About us / Thinking of joining us?

Thinking of joining Rotary in Nailsea & Backwell and surrounding local area? Click the button below to read about us.

A meeting night at Mizzymead Recreation Centre in Nailsea.

About The Rotary Club of Nailsea and Backwell

We are a friendly club that was formed in May 1977 currently with 44 members and are always on the look out for potential members, both male and female, who are looking to increase their social circle and would also like to put something back into our local community and the national / international scene.

We also have an active social programme of events and visits for members and their partners throughout the year together with an optional weekend away.

We meet on very nearly every Thursday evening at The Mizzymead Recreation Centre in the middle of Nailsea.  This is a members club, so visitors please do need to contact us prior to the day of the meeting. Return to the home page and click the "Meeting information" horizontal navigation to see a streetmap of Nailsea. Mizzymead Recreation Centre is at the end of Mizzymead Rise (off Hazelbury Road) and can easily be identified by the entrance to the parking area. We meet at 6pm on the 4th Thursday in most months and at 7.30pm on most of the other Thursdays in each month.

Membership is by invitation and if you would like to know more about us and the work we do, with or without the view to possible membership, please contact our Membership contact using the 'Contact Form' and selecting the person you wish to contact in the 'Subject' drop down menu box.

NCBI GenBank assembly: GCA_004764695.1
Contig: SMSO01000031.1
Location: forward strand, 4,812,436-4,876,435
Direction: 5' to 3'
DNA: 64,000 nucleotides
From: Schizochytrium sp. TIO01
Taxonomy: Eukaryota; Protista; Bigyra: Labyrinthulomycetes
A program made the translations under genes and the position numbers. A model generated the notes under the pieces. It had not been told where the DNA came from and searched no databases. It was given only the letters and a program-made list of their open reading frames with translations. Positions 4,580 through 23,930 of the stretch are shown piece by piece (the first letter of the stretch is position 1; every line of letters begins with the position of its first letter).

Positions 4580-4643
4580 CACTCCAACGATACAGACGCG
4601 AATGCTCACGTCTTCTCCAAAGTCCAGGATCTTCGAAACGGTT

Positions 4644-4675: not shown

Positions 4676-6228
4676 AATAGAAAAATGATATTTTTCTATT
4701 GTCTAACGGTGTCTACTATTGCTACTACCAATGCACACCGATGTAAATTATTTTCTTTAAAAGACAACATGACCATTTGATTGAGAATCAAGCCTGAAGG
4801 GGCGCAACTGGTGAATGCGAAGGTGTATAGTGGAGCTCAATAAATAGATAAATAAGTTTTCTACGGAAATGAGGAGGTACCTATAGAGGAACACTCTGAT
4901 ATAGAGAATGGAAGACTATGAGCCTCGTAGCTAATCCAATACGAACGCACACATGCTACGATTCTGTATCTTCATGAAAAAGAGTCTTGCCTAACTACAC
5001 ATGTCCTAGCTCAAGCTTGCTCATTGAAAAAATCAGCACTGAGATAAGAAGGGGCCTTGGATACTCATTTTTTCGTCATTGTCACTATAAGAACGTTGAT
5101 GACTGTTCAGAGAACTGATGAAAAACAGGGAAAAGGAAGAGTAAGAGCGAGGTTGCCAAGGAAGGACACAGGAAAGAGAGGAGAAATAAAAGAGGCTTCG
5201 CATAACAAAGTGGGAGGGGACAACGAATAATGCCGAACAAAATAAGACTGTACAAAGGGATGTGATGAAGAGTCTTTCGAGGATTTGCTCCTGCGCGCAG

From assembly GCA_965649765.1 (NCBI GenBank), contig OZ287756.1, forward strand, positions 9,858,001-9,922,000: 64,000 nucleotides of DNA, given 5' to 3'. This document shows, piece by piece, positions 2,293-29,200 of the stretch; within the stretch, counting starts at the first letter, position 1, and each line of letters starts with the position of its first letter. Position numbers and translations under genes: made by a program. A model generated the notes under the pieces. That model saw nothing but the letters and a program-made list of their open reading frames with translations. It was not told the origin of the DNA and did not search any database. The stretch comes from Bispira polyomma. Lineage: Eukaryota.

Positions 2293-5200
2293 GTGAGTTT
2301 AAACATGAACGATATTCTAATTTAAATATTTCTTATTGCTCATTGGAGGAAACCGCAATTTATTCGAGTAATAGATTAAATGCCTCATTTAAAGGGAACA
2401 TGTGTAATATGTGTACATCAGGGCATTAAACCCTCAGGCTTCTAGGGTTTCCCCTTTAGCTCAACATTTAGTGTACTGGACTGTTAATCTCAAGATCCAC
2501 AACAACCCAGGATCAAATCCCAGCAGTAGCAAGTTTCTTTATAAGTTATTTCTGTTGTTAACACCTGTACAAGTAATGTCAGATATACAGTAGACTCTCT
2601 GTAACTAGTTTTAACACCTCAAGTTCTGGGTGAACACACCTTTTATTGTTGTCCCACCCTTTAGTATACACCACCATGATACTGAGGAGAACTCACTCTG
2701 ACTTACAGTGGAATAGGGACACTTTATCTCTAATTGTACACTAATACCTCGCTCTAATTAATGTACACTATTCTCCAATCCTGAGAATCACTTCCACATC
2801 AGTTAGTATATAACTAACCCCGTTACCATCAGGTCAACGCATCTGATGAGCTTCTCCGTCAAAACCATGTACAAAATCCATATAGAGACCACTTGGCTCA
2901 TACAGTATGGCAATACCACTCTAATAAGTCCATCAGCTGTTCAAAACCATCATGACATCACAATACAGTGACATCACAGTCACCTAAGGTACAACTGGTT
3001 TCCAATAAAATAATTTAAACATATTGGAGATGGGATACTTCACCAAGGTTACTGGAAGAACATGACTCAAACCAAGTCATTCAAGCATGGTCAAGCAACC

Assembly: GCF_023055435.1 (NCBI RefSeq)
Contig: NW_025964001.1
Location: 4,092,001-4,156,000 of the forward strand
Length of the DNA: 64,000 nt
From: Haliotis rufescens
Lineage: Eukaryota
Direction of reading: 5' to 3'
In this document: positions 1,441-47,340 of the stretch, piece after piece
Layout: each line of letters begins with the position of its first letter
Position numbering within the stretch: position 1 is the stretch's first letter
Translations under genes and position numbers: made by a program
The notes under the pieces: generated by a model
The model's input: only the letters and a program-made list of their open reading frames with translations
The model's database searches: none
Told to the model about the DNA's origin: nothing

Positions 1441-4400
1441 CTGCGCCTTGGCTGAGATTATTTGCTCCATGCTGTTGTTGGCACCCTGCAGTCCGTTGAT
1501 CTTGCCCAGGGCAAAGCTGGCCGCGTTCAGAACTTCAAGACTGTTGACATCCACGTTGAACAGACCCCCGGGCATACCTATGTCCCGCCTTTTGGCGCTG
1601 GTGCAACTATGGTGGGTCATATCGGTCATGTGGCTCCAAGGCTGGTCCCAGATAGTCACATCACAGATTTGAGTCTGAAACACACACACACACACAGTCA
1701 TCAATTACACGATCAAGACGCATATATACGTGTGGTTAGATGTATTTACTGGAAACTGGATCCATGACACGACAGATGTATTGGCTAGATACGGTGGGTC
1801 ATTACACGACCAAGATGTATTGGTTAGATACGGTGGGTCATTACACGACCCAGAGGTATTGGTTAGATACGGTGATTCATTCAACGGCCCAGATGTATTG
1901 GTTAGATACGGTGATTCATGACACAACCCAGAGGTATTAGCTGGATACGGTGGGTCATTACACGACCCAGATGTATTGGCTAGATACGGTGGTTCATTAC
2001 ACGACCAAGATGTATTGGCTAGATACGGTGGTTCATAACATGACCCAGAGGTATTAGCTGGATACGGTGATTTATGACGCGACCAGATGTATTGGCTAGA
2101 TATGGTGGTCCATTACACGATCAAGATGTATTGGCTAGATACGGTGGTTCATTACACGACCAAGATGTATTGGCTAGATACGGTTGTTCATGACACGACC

Below is a transcript of what Bill Gates said about Rotary when he spoke about the work that remained to rid the world of Polio in his 2013 Richard Dimbleby Lecture.


"Many organizations helped push the eradication resolution through the World Health Assembly, but the one you wouldnt expect is Rotary International. Rotary is a service organization with 1.2 million members in almost every country in the world, including more than 50,000 in Great Britain and Ireland.

Rotarians pledge to put service above self, their motto, but they have no specific global health mandate. They are not polio experts. They are regular people who go to work and spend time with their families. For three decades, they have also spent time advocating for polio eradication, raising money to support vaccination, and giving kids polio drops all over the world.

Other partners include the Centers for Disease Control, UNICEF, and the World Health Organization. We rely on them to excel at their jobs. But that is not enough. We also need people whose jobs have nothing to do with the health of poor people to act. That is public will."